Lessons for England from Finland

In a week that produced figures showing that 40% of trainees have quit teaching after one year there is clearly much wrong with the way we attract and train teachers. This figure represents a huge wastage cost to the nation’s hard pressed finances not to mention the disruption to schools. The shortage of teachers is a very serious problem currently being kept under the carpet, but sooner of later will surely manifest itself. No doubt the inevitable impact on school performance will be used as an excuse for further state control of both schools and the curriculum. This will likely make the problem worse.
Finland has often been held up as a model (one often rejected in the UK on the grounds that the UK has to find far more teachers than a high qualification entry bar will allow). However, what is often missed about the Finnish system is apparently a more subtle and sensible approach. Their starting premise seems to be that the best qualified academically do not always make the best teachers. The skills required are far wider than just a good first degree.Enlightened countries like Finland encourage the best suited to the profession and support them, if need be, in gaining good qualifications. They are selective but do not permanently eliminate a large percentage of potentially brilliant teachers on the grounds of academic qualifications alone. This adds to the prestige of becoming a teacher, as it recognises the supreme and precious skills relating to the establishment of a good working relationship with young people.
Important election issue anyone? It surely should be or have we lost our way completely?


A new deal for Initial Teacher Training

we need some radical new thinking on the subject……..

The reason for this need is clear. For schools to take a more central role in ITT, more resources will be required. If this doesn’t happen (and the current School Direct proposal to channel all the funds initiially through ITT Providers and the modest funding of Teaching Schools, are not encouraging portents in this respect), we are in danger of seeing the dismantling of the HEI led ITT system without securing a proper replacement.

In addition to addressing the funding/resources issues, we also need to make it easier for departments to support trainees (particularly in Maths and Science). But first a few thoughts about the funding question.

The economics of ITT have always been shrouded in a little mystery. We are not sure of the true cost to schools of training and we are not sure about the real impact and advantage of an activity that most of us regard as of universal benefit. The contribution of ITT to standards, recruitment and retention elude accurate quantification.Without such a clear cost benefit, Head teachers  may continue to steer clear of ITT developments.

Some schools are experimenting with ideas as to how trainees might make a greater contribution. Perhaps the future model needs to run something like this: trainees are appointed in March and during April, May and June they could be expected to spend some time supporting, in school, after school and electronically, groups of pupils in Years 6, 11 or 13. Between March and September completion of on line Subject Knowledge Enhancement would be required. Training then runs from  September until July with a substantial teaching/covering commitment in the Summer Term. High quality trainees can make a substantial contribution to the performance of a school. A group of schools would need to collaborate to achieve economies of scale with placements, mentoring and tutoring. PGCE could be accredited at a reasonable cost and at the choice and expense of the trainee. The bulk of ITT funding has then to follow the trainee into the school. We need to be able to demonstrate that having trainees is a clear advantage to schools.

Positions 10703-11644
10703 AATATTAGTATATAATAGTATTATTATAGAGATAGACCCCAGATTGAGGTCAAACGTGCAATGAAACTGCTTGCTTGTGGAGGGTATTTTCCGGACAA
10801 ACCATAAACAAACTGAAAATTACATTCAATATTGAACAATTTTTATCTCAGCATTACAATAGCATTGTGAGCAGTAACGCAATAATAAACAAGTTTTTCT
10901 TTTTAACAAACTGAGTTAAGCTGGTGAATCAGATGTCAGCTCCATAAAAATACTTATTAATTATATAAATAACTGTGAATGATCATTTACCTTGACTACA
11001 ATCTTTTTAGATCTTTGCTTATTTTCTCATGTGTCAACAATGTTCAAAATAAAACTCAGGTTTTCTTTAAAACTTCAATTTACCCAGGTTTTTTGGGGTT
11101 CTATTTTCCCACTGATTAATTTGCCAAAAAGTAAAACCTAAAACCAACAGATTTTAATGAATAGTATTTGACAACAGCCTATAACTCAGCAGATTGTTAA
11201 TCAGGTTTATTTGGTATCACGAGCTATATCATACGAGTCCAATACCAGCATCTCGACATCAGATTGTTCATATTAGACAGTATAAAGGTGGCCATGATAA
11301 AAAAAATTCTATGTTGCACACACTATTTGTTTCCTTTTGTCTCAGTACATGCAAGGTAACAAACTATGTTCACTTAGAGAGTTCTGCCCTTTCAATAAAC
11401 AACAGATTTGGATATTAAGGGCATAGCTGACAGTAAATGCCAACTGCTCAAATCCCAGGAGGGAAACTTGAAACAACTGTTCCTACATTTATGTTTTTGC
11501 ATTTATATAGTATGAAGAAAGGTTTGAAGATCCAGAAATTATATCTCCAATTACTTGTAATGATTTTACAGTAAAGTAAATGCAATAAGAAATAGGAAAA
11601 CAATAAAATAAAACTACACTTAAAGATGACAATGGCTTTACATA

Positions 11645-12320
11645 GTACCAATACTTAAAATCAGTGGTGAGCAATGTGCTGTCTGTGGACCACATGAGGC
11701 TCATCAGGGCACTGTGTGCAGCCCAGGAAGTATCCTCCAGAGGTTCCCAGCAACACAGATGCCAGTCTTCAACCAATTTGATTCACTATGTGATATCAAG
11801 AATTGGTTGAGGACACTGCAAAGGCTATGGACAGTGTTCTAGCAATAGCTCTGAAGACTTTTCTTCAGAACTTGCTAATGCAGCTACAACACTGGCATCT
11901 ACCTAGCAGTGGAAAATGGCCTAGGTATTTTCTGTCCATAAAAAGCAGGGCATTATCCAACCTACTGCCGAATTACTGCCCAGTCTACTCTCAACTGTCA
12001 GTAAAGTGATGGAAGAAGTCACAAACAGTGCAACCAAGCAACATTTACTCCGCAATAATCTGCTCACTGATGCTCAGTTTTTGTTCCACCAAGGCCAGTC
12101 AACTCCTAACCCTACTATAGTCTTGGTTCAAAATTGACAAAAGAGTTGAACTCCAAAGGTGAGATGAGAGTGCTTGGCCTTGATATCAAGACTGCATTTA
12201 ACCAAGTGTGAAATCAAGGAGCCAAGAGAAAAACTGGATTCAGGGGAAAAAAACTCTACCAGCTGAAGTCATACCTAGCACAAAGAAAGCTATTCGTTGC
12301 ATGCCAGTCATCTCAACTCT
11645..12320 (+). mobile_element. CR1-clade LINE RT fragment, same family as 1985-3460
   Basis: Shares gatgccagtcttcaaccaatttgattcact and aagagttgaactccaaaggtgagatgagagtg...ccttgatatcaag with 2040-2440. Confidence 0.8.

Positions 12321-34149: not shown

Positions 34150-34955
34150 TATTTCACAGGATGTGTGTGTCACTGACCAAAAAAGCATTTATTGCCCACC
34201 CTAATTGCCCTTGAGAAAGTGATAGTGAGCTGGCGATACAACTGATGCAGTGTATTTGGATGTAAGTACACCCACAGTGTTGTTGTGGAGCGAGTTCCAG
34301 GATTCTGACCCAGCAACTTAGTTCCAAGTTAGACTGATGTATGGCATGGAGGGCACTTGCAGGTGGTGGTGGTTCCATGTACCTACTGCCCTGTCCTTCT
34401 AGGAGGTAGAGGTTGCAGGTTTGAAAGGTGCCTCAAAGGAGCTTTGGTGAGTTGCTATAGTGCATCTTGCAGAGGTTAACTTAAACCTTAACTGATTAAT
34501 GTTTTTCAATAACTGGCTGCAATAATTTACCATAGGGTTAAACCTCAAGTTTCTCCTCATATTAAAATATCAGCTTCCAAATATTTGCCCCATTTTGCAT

Any innovations would need to be properly externally evaluated for impact, but this type of arrangement might just attract the attention of Headeatchers.  The current situation provides a unique opportunity for leading ITT schools to shift the paradigm.


Initial Teacher Training (ITT)

During the current state of change and controversy it is probably a good time to look at some basics.

ITT will always be a key activity for schools and their partners. High standards have been achieved by many partnerships but OFSTED judgements tend to be narrowly focussed and overlook some of the bigger, related issues. The current system is typically cumbersome, inconsistent, often wasteful and over centralised. It does not deliver a truly personalised experience and it does not consistently deliver high quality, qualified staff to where they are needed most. The role of mentoring has yet to be universally established as a pinnacle of professional practice.

 What is needed is a system that allows an interested candidate to access locally, a proper ‘taste of teaching’. Candidates then need to be guided towards and selected for the right training programme by specialist schools, who can also arrange for cluster based  training. Local supervision is needed to ensure the best fit for each trainee by selecting from a range of tutor, mentor, on line resources and classroom experiences in contrasting schools. Employment opportunities would be linked to training and the needs of the cluster. The NQT year, with continued support, should be available within the cluster. Schools should not be excluded from engagement with ITT and where additional support is required it should be linked to support for whole school improvement. Clusters should commission on the basis of capacity and need.

Schools should be the main drivers in all of this. It can be done in partnership (and is being done) without diluting the professional and academic  foundations or the dynamic and creative tension that springs from the twin concepts of teaching as both an art and a skill.